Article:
Gerry Canavan

the smartest kid on earth

Posts Tagged ‘anti-intellectualism

Rhetorical Question of the Day

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From the Awl: Do you think future generations will look back at this era as the point in human history where the solutions to our problems became impossibly complex while, simultaneously, the consistent and powerful strain of anti-intellectualism foisted on an already suspicious society in an attempt to discredit ideas which might prove detrimental to the interests of large corporations helped encourage the belief that everyone is an expert and an amateur opinion is just as valid as a trained one, and these two developments finally intersected to create a world where “Tell us: How would you fix the oil spill?”-type polls became the norm?

Early Monday

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* BP claims the Deepwater Horizon link has been partially contained. I’m partially impressed. Scientific American points out that what’s happening today will have consequences for decades. Elsewhere in oil news, the oil lobby is fighting efforts that would make them more accountable for the actual costs of their toxic industry, while elsewhere in the world the tar sand rush is on.

* Climate change: still real.

* The financial reform bill: better than you’d think?

* Libertarianism Bingo.

* Aesthetic controversy in Detroit! Can street art be moved and preserved?

* Aesthetic controversy in Scranton! The Office should not survive Michael Scott.

* Terror in Greenwich! Old-money WASPs being forced out of their homes and nonprofit boards by Jews, Catholics, and “others.”

* Popular Science remembers your cities of the future.

* Today cell phones don’t cause cancer. Live your life accordingly.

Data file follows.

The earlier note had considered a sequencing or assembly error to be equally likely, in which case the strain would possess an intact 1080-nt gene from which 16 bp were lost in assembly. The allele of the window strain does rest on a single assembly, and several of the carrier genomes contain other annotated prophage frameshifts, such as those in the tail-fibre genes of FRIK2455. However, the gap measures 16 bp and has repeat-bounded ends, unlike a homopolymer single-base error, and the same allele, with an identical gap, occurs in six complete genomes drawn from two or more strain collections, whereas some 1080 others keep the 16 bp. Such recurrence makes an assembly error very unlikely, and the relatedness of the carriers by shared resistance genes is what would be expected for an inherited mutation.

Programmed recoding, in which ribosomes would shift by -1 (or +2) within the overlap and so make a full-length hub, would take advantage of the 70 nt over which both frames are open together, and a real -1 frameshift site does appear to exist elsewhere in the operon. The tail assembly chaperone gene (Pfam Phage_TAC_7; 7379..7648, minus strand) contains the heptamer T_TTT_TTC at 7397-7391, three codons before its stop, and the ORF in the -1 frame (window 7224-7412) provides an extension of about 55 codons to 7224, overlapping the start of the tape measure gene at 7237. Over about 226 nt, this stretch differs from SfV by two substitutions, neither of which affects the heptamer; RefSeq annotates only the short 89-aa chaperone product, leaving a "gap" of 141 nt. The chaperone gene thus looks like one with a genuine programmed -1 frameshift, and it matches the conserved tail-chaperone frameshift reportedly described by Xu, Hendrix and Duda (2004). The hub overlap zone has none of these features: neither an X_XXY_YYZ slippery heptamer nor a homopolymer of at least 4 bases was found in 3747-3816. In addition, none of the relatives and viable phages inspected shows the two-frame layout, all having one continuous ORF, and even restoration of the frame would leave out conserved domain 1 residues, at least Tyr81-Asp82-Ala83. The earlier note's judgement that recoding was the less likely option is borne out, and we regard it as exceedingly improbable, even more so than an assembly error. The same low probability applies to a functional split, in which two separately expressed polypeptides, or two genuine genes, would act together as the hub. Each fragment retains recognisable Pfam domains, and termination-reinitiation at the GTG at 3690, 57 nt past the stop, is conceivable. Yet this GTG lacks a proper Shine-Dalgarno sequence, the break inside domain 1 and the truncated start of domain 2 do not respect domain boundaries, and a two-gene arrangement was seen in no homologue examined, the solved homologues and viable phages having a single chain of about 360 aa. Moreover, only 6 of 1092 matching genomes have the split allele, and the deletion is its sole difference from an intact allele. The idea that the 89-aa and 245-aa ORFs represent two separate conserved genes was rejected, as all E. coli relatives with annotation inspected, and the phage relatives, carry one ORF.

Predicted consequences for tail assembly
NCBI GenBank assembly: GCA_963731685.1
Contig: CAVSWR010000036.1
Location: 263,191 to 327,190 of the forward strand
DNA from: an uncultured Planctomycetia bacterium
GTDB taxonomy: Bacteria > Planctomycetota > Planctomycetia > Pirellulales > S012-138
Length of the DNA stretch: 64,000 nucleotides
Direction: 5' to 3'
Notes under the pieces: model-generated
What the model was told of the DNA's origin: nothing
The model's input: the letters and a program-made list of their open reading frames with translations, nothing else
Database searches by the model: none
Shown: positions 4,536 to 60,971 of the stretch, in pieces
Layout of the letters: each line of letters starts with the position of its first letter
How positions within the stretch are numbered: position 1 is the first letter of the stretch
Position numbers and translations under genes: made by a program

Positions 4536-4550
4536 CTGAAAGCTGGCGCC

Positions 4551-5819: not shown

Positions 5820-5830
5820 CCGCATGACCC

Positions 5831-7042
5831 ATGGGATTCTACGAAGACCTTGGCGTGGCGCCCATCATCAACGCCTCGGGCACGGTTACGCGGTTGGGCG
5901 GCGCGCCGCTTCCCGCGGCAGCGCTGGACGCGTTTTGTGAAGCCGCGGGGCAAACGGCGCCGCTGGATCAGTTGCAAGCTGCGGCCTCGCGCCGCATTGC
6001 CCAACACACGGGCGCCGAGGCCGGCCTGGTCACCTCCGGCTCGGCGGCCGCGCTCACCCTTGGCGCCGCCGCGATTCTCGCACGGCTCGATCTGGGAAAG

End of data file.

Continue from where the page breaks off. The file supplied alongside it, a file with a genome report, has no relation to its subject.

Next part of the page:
* And dueling commencement addresses: Rachel Maddow (part 2, part 3), Glenn Beck. Stay for the end of the Beck for some really intriguing anti-intellectualism that pits eggheads and their so-called “expertise” against the mighty Holy Spirit. Guess who wins.

Is It Finally Safe to Be an Intellectual in America?

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Written by gerrycanavan

November 10, 2008 at 5:58 pm

Obama in the Classroom

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The New York Times looks at Obama’s twelve-year stint as a professor, including copies of his syllabi and final exams.

I’m quite aware that there are plenty of people out there in Anti-Intellectual America for whom an article like this is a huge turn-off—but for me and my blogging cohort of over-educated literary theory PhDs it’s a very big deal, as close as we may ever come to seeing one of our own in charge…

Via MeFi.

Written by gerrycanavan

July 30, 2008 at 1:09 am

Can McCain Win?

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Marc Ambinder has a press release from the McCain campaign making the case McCain can win. Some of the charts are in fact pretty worrying:

I’ve been saying privately for a while that I think I know how McCain might win, and that’s to transmute Obama’s assertion of “better judgment” about the war into a claim that Obama thinks he’s smarter than the rest of us. Having been right in American politics isn’t necessarily better than having been as wrong as everybody else, and in fact there are even ways in which having been right can play as a disadvantage. One way to beat Obama—alongside the more under-the-radar patriotism smears and generic race-baiting—is to force him to explain, over and over again, just how it came to be that his judgment on the war was so much better than everybody else’s back in 2002.

A majority of the citizenry and nearly everyone in government supported the war, but not Barack Obama. In state (not federal) government, what did he see that no one else could see? What did he know that no one else knew?

(And of course: Or is he just a pacifist? Does he oppose all use of American military force, or just the use of military force against Islamic countries?)

Put another way, this is a claim that Obama was “right for the wrong reasons,” while McCain and The American People were wrong for the right reasons.

This is a tough argument to make at the same time McCain feels compelled to assert that he has actually been right on the war all along—but that contradiction isn’t necessarily all that devastating. If there’s one thing Karl Rove taught us, it’s to attack your opponent at their point of strength from your point of weakness. Thanks to the prolonged Democratic primary, Obama’s already been saddled with the elitist frame; I really think his advantages on Iraq could be neutralized using it, if McCain can thread that needle.

Naturally, I hope he can’t.

FOLLOWUP: But this is just silly:

I strongly encourage John McCain to make every effort to win California.

Written by gerrycanavan

June 9, 2008 at 4:10 pm